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PalenQ Jul 16th, 2007 07:38 AM

Dresden Broohaha Over New Bridge?
I noted that in UNESCO's World Heritage list Dresden's historic old town by the riverfront was listed as being endagnered and could be removed from the list due to the construction of some new bridge.

Ingo or anyone can you give me more details just where this bridge would go and what the local discussion thinks about it.

Is it a go or on hold


Ingo Jul 16th, 2007 10:54 AM

Whoaaa, Pal, you don't have an idea ... it's a drama. The bridge divides the locals as much as the Bush administration's politics divides the Americans.

Firstly, it's not just the historic old town that's on the UNESCO list, it's the 'civilised landscape' along the river from a few miles upstream from Schloss Pillnitz to Schloss Übigau down the river. That's about 26 km long and includes the old town. One thing what is so special about it is that the river flows naturally through the city with meadows to both sides (except for a few hundred meters in the old town) - really a buccolic landscape dotted with vineyards, castles, mansions on the hillsides etc.

Soon after the wall came down the traffic increased and the authorities thought a new bridge needs to be built. They searched for a location and found that there is a long stretch between the old town and the Blue Wonder bridge w/o a bridge. Well, they planned to build the bridge right in the middle of that distance at a place called 'Waldschlösschen', famous for unspoilt landscape and stunning views of the old town. Of course it took time to plan ... and everybody thought that at some time they would stop and cancel the project ... because in the meantime the traffic was reduced more and more. And a new motorway was built that leads the transit traffic around the city.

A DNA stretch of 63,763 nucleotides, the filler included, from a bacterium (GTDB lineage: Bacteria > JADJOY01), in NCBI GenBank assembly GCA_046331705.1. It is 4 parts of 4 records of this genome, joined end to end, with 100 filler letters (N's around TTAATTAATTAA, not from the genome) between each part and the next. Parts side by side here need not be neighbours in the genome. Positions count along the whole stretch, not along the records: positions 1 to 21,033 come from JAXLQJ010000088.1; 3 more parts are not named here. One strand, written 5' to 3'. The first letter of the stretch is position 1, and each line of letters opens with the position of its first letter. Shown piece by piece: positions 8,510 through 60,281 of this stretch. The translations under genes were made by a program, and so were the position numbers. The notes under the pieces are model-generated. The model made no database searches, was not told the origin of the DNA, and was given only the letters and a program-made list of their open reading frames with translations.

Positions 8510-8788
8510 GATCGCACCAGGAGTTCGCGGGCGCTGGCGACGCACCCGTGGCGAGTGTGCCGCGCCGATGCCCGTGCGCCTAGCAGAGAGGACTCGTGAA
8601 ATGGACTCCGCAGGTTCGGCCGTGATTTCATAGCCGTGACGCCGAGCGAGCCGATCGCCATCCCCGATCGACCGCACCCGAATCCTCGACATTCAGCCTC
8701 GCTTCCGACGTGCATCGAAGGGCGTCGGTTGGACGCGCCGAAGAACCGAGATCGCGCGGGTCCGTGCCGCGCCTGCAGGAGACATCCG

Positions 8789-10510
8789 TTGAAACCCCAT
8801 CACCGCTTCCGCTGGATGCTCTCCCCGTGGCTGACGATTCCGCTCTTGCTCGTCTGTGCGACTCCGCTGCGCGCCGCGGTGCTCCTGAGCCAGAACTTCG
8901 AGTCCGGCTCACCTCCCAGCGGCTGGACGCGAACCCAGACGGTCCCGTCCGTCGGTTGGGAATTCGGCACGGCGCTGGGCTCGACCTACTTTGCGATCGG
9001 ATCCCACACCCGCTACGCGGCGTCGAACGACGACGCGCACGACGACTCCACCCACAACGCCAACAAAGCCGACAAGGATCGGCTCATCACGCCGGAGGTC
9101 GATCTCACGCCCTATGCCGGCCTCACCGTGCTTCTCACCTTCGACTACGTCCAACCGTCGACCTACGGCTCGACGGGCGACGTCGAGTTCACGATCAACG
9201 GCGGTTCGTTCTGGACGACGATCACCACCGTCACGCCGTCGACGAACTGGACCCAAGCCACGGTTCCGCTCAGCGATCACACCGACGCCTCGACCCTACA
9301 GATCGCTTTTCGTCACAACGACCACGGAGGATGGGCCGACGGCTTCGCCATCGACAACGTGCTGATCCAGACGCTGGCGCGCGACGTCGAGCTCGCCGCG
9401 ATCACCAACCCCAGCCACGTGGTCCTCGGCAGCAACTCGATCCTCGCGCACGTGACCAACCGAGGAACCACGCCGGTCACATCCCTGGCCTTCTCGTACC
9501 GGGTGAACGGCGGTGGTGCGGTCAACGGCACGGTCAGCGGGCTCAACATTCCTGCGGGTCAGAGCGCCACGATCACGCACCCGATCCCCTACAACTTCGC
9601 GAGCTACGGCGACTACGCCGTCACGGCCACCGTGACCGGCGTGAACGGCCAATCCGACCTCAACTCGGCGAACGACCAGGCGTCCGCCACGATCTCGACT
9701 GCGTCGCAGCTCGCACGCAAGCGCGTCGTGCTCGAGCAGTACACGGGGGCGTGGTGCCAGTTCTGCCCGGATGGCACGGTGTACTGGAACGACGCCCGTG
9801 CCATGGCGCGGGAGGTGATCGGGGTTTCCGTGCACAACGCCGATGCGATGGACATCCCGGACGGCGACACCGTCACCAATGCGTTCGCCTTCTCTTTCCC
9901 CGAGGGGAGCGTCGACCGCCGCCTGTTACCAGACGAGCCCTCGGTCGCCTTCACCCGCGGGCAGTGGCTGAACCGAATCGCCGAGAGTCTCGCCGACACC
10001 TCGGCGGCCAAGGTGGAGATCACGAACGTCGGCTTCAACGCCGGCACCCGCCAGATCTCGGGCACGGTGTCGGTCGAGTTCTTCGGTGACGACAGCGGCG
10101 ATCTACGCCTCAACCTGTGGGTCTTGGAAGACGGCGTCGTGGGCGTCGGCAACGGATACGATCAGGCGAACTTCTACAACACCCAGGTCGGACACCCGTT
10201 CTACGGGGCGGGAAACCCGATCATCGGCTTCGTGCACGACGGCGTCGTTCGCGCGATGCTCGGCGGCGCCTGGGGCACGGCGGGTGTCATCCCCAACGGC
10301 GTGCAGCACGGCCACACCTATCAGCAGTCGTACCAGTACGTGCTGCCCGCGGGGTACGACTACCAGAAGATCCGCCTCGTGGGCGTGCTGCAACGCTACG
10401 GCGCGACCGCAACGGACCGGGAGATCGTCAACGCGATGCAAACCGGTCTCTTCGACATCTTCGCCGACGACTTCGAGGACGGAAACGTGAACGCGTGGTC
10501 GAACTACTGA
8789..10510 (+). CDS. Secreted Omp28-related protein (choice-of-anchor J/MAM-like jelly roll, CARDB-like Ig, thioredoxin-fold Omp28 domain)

So, a few years ago the local political parties of CDU and FDP (conservatives and economy friendly liberals) needed a topic for the upcoming elections, to stir up the pot :-) - and they decided to use the bridge.

In fact they managed to convince the locals that the bridge is urgently needed. Talk about spin doctors, faked expert opinions ... In 1995 we had a referendum with the result that about 60% of the locals voted 'yes' - for the bridge. Then the trouble started. The anti-bridge locals informed the UNESCO. The UNESCO said the bridge is not tolerable and as you wrote threatens to remove Dresden from the World Heritage list.

The problem is that the German government never bothered to transfer the UNESCO rules into German law. So lawsuits against the bridge were not successful; even the highest German court decided 'the votes of the citizens are to value higher'.

But nobody asked the locals after the UNESCO threated to remove Dresden from the list. Not in a referendum, only in polls. And the polls say that the Dresdners would rather have the title 'UNESCO heritage' than a bridge.

Alternatives like a tunnel or even a much more gracious bridge, the current design is awful, ugly, massive - are blocked by the Saxon government, especially the prime minister.

Honestly, I don't see a chance that the bridge - that nobody needs - will NOT be built. It's sad.


swandav2000 Jul 16th, 2007 11:03 AM

Ah, what lovely memories, Ingo!